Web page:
I actually do not own any “property” so to speak, but I closed on a small condominium yesterday. This was my first closing, and I was so stressed out that I was 20 minutes late trying to find the attorney’s office.
The whole process was fairly new to me. I know a good deal about how the process works with mortgages, taxes, insurance, and all of that good stuff, but it is always a different feeling when they hand over the keys to you and now you actually own something of great value.
I have recently been in the process of paying a bogus collection solely because I want to buy a condo soon. The collection was from a tow truck company that charged me for impounding a vehicle that still had the title in my name. Get this, I junked a car a few years ago (or so I thought). This car was an old mercury cougar that would have been more money to fix than what it was worth. The mechanic told my dad that if we sign over the title to him that he would take care of salvaging it for us. Well, apparently he fixed the car and resold it to someone who didn’t have a license or a registration for the car. They were arrested and when they went to go look for a name to charge for the impounding, they found my name. Obviously, I was very upset, but it would have probabl taken me years to fight this off of my credit report. So, I am giving in and paying it like a sissy, because I would rather own this condo. Anyway, it has helped me to learn my right as a consumer when it comes to dealing with these not so pleasant people. I was not sure of all the horrible things I had heard about collectors and creditors until I had to deal with them on a regular basis. They are the scum of the earth! I am sorry to say it, but I don’t know how they sleep at night. All I wanted to do was talk to them about the situation, but they would keep hanging up on me. It’s ridiculous, anyway, as far as them being professional, I never had a problem with that. They never tried to harass me or else I would have had a lawyer on their butts faster than you can say lawsuit. Here are some things to remember when dealing with a collection or past due account on your credit report.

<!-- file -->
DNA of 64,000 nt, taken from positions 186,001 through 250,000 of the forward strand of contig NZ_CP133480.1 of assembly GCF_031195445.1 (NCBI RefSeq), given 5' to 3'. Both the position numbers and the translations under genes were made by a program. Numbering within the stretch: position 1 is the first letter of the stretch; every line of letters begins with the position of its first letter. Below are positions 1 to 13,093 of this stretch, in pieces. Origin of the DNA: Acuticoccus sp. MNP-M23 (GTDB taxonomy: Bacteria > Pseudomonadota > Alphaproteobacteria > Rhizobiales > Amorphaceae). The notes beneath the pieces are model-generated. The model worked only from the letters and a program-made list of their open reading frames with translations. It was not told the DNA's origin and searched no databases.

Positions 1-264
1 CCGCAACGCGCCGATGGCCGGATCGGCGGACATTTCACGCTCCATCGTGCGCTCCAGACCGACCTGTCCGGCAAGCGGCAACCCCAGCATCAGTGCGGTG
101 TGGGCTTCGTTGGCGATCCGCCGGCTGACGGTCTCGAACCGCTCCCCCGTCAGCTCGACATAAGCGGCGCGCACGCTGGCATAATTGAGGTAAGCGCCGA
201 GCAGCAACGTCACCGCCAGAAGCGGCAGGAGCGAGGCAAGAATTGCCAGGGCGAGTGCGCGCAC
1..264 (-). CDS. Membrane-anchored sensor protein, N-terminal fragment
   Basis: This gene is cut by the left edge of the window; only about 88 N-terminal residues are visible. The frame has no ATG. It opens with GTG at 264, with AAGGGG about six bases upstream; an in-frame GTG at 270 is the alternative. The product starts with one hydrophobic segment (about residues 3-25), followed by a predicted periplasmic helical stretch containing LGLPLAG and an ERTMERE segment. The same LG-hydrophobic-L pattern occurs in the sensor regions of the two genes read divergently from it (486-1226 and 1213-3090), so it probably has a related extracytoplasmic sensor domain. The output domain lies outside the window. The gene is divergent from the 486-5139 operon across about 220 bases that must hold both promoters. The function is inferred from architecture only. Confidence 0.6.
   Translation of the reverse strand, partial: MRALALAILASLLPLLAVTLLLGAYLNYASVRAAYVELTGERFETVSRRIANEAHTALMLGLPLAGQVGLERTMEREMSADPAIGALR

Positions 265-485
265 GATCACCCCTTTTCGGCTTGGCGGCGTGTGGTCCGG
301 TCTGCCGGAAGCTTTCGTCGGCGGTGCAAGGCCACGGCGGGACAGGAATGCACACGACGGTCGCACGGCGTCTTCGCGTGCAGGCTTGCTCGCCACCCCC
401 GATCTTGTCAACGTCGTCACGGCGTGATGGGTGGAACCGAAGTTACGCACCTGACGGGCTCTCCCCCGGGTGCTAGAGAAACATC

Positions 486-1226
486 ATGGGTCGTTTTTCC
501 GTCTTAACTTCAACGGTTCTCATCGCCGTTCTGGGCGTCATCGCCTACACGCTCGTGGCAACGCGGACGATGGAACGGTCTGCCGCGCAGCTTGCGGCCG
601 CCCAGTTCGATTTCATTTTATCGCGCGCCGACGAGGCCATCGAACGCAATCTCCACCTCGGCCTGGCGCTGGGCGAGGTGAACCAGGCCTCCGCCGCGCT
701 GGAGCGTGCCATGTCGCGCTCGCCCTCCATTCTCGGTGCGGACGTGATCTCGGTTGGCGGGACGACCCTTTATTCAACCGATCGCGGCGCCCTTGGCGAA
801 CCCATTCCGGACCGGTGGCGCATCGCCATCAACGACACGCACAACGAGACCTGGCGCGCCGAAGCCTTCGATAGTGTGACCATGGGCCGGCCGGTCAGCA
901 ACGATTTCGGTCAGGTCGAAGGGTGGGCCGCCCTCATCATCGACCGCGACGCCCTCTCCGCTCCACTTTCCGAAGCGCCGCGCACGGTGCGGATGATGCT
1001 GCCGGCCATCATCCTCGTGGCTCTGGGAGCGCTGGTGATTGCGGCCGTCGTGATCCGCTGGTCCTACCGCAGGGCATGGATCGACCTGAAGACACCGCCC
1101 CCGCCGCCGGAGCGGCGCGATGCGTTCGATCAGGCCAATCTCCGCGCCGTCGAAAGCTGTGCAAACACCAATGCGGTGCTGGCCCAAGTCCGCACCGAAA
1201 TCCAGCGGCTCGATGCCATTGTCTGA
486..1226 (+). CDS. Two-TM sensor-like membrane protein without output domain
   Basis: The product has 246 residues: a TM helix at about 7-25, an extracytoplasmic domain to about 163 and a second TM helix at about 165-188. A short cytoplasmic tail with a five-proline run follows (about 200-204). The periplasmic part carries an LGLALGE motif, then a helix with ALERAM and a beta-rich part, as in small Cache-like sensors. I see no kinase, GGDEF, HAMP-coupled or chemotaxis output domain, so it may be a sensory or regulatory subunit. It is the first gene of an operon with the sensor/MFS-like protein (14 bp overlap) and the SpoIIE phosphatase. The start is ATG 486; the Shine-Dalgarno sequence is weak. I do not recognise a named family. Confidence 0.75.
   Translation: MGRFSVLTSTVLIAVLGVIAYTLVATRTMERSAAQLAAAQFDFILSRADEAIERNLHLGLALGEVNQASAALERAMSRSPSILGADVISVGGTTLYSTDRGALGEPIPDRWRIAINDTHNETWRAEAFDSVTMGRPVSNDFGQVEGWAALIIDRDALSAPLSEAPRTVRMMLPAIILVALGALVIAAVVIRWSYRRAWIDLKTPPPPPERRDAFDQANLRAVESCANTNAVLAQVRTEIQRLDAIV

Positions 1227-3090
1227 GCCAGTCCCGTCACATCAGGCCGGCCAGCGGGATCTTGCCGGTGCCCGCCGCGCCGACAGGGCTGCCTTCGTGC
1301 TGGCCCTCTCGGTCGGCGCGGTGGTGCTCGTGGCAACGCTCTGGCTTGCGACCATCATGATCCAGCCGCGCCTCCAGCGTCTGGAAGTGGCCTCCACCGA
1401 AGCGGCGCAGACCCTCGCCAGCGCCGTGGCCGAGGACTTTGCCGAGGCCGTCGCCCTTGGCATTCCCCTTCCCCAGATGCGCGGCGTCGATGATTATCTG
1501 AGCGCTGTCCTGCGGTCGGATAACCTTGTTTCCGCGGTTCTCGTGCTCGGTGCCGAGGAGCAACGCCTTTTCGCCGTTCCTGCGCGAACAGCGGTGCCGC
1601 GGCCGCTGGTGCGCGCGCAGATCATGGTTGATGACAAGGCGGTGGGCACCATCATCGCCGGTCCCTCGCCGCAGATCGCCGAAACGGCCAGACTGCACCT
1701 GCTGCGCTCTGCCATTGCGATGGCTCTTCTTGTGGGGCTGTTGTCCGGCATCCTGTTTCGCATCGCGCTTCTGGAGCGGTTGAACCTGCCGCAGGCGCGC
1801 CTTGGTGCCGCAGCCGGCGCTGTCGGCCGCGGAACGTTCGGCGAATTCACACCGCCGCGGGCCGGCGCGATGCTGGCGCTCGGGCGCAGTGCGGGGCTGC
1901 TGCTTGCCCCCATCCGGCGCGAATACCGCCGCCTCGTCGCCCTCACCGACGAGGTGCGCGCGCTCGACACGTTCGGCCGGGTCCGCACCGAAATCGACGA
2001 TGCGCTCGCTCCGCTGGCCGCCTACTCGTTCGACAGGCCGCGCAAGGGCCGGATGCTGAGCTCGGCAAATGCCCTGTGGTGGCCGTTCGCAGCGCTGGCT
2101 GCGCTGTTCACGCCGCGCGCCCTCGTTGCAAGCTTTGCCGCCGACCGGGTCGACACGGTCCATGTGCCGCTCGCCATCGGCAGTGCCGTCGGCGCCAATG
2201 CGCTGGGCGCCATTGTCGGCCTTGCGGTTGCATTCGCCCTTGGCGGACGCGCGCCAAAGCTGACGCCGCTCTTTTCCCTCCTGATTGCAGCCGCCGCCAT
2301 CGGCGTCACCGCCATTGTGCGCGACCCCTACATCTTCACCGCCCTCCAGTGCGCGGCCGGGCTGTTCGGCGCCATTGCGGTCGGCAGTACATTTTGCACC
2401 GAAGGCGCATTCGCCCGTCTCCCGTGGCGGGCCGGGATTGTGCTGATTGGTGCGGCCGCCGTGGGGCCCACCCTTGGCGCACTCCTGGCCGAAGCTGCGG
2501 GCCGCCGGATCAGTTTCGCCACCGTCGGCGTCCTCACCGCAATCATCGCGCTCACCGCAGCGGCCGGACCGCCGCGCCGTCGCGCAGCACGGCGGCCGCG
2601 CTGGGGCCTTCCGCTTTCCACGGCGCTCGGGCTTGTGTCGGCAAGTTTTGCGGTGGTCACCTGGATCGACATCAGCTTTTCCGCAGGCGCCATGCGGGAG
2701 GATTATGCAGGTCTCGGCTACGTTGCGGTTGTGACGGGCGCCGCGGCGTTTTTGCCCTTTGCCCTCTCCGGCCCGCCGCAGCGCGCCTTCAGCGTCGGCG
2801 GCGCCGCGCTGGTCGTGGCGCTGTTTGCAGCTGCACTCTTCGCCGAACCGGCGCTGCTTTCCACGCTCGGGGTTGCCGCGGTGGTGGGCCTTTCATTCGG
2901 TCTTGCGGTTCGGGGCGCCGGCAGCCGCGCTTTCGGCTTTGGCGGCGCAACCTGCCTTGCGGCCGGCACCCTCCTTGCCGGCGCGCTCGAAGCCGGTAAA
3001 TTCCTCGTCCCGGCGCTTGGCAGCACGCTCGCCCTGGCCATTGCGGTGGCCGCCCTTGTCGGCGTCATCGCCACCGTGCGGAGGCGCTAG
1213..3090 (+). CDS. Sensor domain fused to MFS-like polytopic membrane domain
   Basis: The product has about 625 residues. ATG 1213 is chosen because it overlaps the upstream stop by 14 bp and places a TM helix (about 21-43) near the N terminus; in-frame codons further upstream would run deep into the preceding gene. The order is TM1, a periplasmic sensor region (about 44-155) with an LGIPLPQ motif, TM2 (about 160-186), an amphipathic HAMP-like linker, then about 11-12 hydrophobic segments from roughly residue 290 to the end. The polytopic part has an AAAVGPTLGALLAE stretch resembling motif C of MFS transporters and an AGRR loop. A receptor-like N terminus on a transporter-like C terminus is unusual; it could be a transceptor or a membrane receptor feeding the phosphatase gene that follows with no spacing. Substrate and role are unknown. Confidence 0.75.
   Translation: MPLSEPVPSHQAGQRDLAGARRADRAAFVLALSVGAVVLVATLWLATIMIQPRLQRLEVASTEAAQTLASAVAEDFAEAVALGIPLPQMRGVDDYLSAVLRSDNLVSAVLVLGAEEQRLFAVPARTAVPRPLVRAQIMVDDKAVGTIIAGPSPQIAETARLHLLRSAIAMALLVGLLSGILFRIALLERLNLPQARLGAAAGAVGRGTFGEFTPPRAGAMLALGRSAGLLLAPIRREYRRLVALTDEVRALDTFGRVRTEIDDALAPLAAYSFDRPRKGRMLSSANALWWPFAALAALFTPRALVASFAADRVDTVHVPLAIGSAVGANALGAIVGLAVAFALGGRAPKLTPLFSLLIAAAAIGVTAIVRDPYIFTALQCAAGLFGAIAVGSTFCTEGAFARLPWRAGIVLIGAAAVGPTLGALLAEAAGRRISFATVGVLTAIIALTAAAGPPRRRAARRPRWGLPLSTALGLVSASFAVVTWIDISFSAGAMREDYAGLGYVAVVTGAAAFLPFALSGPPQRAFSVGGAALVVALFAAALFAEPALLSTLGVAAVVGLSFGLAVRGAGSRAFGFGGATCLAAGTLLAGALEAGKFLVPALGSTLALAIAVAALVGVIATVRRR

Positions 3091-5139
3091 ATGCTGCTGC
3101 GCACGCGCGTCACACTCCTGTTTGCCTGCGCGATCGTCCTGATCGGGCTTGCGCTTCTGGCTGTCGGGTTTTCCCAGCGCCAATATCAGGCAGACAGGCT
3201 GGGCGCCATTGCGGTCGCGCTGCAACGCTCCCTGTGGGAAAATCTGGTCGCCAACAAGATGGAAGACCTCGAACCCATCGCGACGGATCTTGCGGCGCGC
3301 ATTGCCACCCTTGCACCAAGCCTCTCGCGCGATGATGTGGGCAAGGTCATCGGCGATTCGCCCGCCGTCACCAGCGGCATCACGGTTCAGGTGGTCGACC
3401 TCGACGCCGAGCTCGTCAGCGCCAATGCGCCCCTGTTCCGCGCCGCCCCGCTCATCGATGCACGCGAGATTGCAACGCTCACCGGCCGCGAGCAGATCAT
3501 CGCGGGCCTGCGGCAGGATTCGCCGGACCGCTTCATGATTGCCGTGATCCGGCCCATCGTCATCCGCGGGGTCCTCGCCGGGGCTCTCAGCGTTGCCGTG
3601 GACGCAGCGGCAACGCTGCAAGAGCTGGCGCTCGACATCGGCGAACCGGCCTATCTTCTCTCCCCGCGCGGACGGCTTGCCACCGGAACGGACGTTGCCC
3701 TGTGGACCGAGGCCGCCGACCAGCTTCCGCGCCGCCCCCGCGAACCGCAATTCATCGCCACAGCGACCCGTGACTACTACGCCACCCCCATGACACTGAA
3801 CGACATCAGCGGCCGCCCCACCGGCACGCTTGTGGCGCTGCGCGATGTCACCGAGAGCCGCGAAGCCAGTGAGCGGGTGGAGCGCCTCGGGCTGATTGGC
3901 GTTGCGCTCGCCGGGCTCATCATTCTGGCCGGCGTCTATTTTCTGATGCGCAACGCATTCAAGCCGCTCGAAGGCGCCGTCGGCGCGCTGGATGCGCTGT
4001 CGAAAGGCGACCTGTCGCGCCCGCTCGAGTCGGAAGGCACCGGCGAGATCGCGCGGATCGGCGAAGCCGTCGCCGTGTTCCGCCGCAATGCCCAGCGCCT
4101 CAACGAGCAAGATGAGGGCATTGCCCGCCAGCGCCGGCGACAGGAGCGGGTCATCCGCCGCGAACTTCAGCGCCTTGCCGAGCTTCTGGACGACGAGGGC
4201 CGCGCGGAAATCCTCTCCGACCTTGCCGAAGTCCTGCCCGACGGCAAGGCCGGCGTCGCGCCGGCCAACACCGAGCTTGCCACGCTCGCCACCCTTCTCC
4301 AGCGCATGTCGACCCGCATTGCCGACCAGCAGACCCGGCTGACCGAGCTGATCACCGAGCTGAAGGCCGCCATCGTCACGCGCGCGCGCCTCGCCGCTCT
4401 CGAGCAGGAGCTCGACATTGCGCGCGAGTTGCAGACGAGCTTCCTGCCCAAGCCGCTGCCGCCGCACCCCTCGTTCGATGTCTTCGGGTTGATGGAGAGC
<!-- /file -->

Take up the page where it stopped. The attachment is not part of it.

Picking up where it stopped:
I am fairly new out of college. I got married straight out of finishing my undergraduate degree. I was fired up to start saving money and buying wisely with my new found income which about tripled after I finished school. This post is all about me being real with myself and those of you that read my blog. This is not a surprise to any of you, but it was a lot tougher than I thought it would be to stick to a strict budget and save up for big ticket items.
Insurance companies are not philantropists. They create programs ans educate people about how to reduce their risk, because the less risk they have to take on, the more money they make! That is the nature of the insurance business. I definitely know, because I am a property and casualty insurance adjuster. If you have ever bought a home, you will find out how particular homeowner’s insurance companies are with what your house is made of, what is in it, and what is going on in it. Auto insurance is the same way. Geico recently published an article about California having 6 of the top 10 areas for the most cars stolen. That is scary! I hardly ever think about my car getting stolen, and I’ve never met someone who has had their car stolen, but I can imagine it being a frightening experience. However, I drive a ’95 Altima, so whoever wants to steal that car can go right ahead. Some tips for reducing your chances of getting your car stolen:
UPDATE: To check out my most recent post about the 2007 Hurricane preparedness salex tax holiday, GO HERE.
From now until June 1st, residents of Florida will be able to buy designated hurricane supplies with no sales tax in preparation for the upcoming hurricane season. The season officially starts June 1st, and many Florida residents are shaking in their boots after what has happened in the past two years. Natural disasters such as hurricanes can pose a huge financial threat on individuals and their families. This is a great way to save some money on supplies that you may need anyway! Things like batteries, flashlights, generators, and other related products will be tax free!